Time to tackle abuse head-on

September 16, 2005

Academia must admit bullying exists and try to stamp it out, says Petra Boynton

Sometimes in research you instinctively know a study's going to be different. The Times Higher's bullying survey was one of those instances.

As well as 800-plus responses, I received more than 500 e-mails from people repeatedly stating "don't just do this as research - please help us".

Their stories were tough to read and remarkably similar. Victims weren't immediately certain they were being bullied, but over time became intimidated and cowed. Talented and enthusiastic academic and academic-related staff were enduring regular bouts of humiliation. It wasn't their imagination. If you're threatened personally or professionally by someone powerful who tells you they'll destroy you if you complain, you tend to believe them.

Social researchers are used to hearing about problems, so this survey was depressing but not unusual. What was unusual was how people responded.

Usually with a survey, people question your methods or findings. They don't criticise your participants. Academics said of these participants: "They're whiny, oversensitive people who can't hack it" or "They claim they're bullied when they've done a crap job". Imagine doing a survey of people living with cancer and saying: "They don't have cancer, they're just pretending." We're expected to treat participants with courtesy, yet when studying something unpalatable such as bullying, it appears people overlook this.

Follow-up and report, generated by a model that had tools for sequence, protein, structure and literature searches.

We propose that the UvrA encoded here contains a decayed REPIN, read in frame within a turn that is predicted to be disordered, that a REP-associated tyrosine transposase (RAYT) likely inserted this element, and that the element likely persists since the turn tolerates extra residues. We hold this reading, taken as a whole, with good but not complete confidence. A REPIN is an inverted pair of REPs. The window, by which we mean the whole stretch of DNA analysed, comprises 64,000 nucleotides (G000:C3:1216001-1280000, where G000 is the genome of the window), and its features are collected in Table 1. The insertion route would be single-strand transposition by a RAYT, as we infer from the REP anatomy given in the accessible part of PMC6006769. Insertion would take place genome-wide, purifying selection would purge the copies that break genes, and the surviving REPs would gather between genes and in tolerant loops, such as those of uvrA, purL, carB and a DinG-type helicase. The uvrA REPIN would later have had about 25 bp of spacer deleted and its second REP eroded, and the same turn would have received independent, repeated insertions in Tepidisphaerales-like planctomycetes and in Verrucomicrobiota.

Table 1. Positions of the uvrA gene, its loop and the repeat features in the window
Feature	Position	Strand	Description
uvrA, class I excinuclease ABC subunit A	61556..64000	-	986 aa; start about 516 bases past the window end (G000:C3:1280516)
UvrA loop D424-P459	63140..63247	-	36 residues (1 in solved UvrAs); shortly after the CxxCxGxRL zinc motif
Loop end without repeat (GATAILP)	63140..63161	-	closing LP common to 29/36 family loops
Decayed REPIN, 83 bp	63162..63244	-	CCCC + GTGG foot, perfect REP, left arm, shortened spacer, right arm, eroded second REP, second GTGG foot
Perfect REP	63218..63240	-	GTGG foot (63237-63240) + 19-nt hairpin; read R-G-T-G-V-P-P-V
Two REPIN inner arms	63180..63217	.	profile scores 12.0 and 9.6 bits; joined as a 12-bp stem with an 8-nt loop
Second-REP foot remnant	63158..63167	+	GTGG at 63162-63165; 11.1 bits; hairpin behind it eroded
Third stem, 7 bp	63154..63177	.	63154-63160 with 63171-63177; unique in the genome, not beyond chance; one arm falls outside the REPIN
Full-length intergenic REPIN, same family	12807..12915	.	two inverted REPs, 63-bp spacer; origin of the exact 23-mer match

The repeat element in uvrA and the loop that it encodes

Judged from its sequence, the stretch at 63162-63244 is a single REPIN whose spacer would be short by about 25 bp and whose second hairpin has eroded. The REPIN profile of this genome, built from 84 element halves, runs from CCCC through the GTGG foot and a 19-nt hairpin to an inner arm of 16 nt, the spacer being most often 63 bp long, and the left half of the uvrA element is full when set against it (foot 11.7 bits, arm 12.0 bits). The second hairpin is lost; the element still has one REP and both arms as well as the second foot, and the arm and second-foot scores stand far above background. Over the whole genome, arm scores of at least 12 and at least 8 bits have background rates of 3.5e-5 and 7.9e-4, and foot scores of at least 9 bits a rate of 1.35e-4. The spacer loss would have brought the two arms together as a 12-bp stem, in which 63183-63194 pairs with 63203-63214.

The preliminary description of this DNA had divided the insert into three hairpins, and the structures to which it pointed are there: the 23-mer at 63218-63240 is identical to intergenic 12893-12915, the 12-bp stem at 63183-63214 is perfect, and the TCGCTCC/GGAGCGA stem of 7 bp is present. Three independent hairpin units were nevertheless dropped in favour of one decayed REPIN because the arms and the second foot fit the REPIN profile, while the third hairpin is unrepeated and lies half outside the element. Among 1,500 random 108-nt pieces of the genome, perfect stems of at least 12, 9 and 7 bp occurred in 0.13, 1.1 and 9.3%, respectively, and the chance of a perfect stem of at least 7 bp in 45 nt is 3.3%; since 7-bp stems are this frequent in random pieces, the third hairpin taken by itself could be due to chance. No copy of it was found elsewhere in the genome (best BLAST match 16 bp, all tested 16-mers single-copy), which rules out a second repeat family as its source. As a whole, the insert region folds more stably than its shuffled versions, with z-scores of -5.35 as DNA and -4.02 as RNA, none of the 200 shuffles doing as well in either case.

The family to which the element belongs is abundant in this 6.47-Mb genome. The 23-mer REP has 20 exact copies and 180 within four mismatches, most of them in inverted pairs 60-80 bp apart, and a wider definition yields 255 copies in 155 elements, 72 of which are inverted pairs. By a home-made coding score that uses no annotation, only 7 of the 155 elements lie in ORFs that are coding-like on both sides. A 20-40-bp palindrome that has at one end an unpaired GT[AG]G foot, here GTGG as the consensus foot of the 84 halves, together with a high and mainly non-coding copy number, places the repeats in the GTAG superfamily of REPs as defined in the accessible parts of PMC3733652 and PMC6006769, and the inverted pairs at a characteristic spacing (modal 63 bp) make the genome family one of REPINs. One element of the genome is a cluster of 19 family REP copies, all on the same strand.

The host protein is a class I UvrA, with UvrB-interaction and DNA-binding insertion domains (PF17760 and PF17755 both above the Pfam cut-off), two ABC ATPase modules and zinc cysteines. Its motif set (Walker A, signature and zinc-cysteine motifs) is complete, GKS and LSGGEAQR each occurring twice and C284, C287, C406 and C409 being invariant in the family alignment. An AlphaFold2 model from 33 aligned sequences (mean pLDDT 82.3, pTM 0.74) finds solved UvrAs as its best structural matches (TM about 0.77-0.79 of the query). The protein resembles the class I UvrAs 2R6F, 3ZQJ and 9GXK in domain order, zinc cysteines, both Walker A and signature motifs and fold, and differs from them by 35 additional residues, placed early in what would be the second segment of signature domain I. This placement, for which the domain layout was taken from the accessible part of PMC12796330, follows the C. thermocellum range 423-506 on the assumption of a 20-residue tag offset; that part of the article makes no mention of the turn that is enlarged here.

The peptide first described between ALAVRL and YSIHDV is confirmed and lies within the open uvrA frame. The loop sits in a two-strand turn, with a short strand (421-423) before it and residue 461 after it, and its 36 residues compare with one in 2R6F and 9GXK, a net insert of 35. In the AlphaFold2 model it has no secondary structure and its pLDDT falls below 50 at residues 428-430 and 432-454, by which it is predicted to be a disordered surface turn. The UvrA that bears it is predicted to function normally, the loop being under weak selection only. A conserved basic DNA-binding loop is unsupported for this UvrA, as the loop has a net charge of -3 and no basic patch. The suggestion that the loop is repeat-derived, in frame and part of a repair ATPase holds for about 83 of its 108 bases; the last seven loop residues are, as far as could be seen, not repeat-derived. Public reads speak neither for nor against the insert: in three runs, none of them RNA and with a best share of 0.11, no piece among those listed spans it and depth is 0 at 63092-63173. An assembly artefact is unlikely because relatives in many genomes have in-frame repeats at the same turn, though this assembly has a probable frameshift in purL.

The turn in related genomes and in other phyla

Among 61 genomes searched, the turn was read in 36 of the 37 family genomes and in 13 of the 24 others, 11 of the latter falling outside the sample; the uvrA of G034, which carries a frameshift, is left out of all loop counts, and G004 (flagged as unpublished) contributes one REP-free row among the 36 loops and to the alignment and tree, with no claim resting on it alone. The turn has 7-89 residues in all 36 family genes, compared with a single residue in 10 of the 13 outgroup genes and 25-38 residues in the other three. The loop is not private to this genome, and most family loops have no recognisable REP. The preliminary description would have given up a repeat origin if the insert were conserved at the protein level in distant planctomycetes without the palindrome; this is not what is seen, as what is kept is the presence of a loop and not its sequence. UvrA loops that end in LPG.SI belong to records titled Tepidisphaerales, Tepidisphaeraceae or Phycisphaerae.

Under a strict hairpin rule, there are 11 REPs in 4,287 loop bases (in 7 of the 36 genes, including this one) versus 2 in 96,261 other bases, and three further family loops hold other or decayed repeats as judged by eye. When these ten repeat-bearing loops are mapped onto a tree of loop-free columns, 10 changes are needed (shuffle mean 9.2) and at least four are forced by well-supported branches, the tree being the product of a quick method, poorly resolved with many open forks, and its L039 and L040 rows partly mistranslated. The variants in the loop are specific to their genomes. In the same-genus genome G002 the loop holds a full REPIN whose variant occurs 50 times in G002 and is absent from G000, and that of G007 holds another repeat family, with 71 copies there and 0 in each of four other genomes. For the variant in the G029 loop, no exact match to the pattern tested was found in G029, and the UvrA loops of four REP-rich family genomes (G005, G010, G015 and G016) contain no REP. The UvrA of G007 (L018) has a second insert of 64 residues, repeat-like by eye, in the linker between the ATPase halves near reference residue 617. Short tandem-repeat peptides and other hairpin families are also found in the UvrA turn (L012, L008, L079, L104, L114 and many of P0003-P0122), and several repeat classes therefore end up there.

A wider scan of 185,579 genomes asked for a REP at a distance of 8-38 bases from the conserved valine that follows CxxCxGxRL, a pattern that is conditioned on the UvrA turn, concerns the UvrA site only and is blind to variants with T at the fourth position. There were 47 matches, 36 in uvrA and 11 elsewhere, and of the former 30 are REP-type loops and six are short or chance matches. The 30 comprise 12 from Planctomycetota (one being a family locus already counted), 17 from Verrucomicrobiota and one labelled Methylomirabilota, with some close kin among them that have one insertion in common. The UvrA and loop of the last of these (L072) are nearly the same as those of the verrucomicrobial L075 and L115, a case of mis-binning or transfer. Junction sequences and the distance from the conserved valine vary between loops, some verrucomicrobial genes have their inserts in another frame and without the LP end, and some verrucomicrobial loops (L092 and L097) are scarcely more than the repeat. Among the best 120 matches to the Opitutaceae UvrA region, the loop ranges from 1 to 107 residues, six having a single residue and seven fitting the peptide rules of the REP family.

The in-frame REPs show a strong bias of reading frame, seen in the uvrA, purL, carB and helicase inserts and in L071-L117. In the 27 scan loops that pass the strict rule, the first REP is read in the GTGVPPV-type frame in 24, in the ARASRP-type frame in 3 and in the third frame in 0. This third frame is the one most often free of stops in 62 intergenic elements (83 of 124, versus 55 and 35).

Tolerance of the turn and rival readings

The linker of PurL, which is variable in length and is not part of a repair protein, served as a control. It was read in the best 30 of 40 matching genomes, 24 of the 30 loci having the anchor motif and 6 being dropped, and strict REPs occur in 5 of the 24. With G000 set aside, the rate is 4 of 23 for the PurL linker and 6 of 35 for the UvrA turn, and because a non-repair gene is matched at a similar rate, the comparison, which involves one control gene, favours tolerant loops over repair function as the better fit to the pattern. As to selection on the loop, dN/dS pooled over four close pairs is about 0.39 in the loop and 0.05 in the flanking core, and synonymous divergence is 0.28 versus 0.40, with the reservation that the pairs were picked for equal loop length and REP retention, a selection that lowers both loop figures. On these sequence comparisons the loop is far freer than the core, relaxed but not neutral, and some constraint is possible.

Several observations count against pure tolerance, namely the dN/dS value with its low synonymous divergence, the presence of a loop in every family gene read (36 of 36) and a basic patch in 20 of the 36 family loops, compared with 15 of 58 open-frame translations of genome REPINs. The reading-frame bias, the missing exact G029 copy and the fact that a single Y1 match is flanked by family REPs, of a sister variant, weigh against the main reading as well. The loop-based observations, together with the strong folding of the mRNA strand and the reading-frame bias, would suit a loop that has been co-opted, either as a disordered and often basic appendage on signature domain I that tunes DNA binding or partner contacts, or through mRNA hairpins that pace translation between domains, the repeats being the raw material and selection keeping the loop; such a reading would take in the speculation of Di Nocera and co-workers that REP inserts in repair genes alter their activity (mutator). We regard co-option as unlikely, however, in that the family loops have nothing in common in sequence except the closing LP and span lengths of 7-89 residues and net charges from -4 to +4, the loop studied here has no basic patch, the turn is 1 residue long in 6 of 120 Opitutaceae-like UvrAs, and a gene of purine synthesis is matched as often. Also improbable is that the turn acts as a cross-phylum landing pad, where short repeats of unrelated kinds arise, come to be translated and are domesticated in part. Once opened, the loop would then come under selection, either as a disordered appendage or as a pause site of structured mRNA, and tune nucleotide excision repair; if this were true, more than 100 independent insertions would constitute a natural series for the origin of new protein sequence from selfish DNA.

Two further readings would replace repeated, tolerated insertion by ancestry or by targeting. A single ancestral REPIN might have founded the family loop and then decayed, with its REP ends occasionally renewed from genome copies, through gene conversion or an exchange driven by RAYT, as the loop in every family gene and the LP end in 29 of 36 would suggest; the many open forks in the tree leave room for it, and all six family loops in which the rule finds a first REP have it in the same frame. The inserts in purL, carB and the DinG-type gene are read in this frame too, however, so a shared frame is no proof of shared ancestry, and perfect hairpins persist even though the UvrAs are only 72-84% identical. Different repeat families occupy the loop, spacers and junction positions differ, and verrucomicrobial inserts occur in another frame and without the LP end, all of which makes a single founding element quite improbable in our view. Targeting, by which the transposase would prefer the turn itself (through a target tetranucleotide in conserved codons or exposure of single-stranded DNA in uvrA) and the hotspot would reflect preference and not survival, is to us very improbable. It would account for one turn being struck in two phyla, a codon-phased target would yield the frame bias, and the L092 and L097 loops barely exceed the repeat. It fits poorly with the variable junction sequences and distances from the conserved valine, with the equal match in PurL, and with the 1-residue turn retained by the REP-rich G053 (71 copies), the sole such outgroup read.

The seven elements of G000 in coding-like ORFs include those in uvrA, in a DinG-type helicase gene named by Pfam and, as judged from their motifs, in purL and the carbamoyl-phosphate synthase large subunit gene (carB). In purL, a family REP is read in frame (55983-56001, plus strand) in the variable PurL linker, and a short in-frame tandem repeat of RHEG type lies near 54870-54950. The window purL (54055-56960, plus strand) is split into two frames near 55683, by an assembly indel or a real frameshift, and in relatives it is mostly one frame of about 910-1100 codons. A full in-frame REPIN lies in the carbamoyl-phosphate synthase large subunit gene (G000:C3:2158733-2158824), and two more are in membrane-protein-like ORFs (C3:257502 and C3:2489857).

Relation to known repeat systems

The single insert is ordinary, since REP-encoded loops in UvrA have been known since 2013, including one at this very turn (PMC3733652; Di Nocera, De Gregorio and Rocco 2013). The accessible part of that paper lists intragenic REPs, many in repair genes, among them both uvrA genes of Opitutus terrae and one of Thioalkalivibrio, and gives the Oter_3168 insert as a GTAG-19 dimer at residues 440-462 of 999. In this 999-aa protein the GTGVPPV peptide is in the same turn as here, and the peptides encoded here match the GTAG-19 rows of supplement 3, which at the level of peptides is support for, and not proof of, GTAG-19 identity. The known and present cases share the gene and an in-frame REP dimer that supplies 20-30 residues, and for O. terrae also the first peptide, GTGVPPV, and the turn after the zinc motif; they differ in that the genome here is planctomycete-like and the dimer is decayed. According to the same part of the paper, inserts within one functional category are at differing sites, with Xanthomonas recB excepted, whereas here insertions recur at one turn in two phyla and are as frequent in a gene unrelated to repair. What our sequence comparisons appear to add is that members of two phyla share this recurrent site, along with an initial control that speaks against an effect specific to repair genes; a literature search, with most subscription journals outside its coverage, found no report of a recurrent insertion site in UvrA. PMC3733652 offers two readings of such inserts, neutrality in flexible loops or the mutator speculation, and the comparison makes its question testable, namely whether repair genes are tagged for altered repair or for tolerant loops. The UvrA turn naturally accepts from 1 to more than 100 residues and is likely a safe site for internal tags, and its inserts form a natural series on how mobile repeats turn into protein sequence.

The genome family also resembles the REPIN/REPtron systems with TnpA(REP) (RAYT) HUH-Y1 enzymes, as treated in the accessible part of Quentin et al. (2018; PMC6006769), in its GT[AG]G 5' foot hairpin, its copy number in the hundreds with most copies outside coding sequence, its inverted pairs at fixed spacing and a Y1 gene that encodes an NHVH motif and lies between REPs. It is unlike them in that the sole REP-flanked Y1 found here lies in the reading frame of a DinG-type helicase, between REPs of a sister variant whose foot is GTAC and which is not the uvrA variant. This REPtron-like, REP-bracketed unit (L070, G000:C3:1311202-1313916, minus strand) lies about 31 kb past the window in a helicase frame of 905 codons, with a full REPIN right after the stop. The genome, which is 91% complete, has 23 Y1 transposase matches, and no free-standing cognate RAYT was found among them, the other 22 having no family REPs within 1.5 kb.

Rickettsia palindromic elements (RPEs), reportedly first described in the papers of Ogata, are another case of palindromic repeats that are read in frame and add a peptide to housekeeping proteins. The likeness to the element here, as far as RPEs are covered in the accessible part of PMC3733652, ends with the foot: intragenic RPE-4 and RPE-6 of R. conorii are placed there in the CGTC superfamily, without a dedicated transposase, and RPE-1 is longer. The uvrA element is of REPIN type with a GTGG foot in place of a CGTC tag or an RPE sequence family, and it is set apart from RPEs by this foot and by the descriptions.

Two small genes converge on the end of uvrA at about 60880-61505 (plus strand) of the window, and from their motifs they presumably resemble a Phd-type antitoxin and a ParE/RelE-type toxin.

There's nothing particular about our profession that leads to bullying, although organisationally we've been less willing to accept there's a problem than, say, the police. Some features of academia can make it easier for bullying to continue. Participants cited peer review, academic hierarchies, appraisals and the research assessment exercise as causes of and opportunities for bullying.

This research showed we've half-heartedly incorporated business models into working practices with human resources departments, management hierarchies and competition for grants. We don't support to the same level 360-degree feedback, management training or staff awareness of their rights - things that could enable people to deal more effectively with bullying.

Bullying isn't a private event behind closed doors. Counsellors e-mailed me to say how much bullying they knew of but were powerless to act on. Ask anyone working in a given field and they can name the departments and universities in which bullying flourishes.

Many victims simply give up and leave university but years later still suffer flashbacks, anxiety attacks and nightmares.

After analysing the survey, I could not make sense of results using an organisational model. That is because bullying is more akin to domestic violence. It escalates over time and victims feel the abusers have power over them but long for them to show kindness. The victims internalise what the abusers tell them - that they're stupid or clumsy - and in some cases become these things. The abusers justify their behaviour but also need help.

For years, public and professional bodies allowed domestic violence to continue because they agreed victims were lying, hysterical attention-seekers who invited abuse. That's where much of academia is now.

We have a choice. We carry on letting abuse happen, or we admit we have a problem.

Petra Boynton is a psychologist at University College London.

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